Recently I have noticed that the order in which answers are displayed does not necessarily go from highest voted to lowest. It used to, at least for me... maybe a function of privilege change.

Is this now a standard until acceptance?

The reason I ask is that it appears that most people looking at a question only read the first one or two posted answers, those late to the party with actually better answers or at least things no one else has considered don't seem to get votes by virtue of the person looking at them doesn't bother to scroll and read through all posted answers.

I realize this is human nature and the nature of these types of venues but would it be possible to withhold the ability to vote until you actually have at least scanned through all answers. This seems to be fairer to me instead of fastest to post wins as it seems now. I might be over simplifying it or might be interpreting it incorrectly but it could be that some don't post because they realize they won't get read.

Most people want that dopamine hit for a good answer and even going into old posts where rules have changed and posting to them doesn't seem to glean any benefit.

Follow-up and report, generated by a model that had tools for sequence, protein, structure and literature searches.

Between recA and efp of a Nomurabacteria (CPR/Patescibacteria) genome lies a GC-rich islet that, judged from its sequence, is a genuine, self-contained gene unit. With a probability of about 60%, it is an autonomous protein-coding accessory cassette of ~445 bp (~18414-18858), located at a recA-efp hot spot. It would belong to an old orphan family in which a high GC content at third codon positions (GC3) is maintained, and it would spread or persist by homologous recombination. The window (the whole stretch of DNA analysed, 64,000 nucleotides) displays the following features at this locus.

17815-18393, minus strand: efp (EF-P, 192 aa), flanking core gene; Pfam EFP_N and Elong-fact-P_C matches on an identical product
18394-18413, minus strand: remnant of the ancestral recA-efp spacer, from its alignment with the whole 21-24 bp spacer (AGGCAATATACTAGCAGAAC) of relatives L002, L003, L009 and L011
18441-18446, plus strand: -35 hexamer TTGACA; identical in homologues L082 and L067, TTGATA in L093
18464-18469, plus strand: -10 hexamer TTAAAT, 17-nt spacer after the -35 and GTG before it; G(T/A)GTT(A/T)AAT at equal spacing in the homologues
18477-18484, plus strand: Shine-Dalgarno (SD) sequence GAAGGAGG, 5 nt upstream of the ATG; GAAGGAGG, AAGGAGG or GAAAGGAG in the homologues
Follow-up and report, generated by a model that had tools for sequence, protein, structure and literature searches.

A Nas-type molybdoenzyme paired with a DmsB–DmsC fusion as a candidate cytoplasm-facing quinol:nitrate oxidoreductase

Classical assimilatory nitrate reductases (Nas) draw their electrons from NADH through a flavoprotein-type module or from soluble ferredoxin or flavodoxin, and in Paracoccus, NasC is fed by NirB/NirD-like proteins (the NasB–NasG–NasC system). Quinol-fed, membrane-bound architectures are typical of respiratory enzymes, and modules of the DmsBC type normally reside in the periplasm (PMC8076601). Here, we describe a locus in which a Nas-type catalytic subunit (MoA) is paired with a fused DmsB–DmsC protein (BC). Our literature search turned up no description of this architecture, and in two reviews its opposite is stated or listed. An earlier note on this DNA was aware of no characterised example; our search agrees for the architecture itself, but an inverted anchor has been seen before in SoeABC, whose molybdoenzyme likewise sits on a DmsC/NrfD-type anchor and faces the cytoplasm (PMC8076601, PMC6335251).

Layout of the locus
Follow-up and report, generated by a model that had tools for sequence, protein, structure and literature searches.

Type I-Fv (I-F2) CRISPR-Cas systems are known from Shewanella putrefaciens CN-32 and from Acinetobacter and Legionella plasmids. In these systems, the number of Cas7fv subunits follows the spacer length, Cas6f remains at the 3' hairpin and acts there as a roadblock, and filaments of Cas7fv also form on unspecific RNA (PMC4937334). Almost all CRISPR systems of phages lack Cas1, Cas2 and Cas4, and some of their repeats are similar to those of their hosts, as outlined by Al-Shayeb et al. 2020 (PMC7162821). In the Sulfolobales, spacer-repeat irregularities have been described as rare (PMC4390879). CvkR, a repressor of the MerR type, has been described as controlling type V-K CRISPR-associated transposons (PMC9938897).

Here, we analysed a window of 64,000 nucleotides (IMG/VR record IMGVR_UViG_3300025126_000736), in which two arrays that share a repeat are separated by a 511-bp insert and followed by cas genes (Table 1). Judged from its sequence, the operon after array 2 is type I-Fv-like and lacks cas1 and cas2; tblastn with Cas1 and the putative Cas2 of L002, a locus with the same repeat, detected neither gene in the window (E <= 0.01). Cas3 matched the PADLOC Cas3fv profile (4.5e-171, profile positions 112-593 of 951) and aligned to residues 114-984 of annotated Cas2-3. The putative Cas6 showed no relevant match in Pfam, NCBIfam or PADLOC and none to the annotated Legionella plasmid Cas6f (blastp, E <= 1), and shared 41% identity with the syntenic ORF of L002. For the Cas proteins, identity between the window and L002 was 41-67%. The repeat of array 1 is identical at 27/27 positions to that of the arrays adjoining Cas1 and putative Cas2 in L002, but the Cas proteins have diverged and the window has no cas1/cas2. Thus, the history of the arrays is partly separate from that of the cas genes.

1 Answer 1


Welcome to democracy

The candidate(s) with the highest profile will win irrespective of their quality - this is true in all forms of democracy ever tried.

For stack exchange "highest profile" means at or near the top so all we have to do is use the best algorithm for ordering the answers. Fortunately, we know what that is - the lower bound of Wilson score confidence interval for a Bernoulli parameter.

Unfortunatly, stack exchange doesn't use this method - the default method is the really, really bad Up votes - Down votes method. They do this even though they have known it was wrong for 7 years. It isn't going to change.

  • \$\begingroup\$ The issue with the "Lower bound of Wilson score confidence interval for a Bernoulli parameter" is that upvotes are far more common here than downvotes, so you would have to adjust the algorithm accordingly. That would involve some kind of reasoning (and likely a series of studies) for why downvotes are less common (probably due to the deletion/improvement of poor answers and the active presence of quality users leaving answers in an efficient manner if I had to guess) \$\endgroup\$ Apr 26, 2018 at 11:12
  • \$\begingroup\$ I was just thinking of a site mechanic that prevented votes until you got to the end of the answers. Sort of like the EULAs that prevent you just hitting "I Agree". I suppose that may not work with the coding and format but it was a thought. \$\endgroup\$
    – Slagmoth
    Apr 26, 2018 at 13:12
  • 1
    \$\begingroup\$ @DavidCoffron why down votes are less common. They cost rep. \$\endgroup\$ Apr 26, 2018 at 16:18
  • \$\begingroup\$ I think the means of sorting the answers should be transparent to a person that does not have a math degree. \$\endgroup\$ Apr 26, 2018 at 17:45

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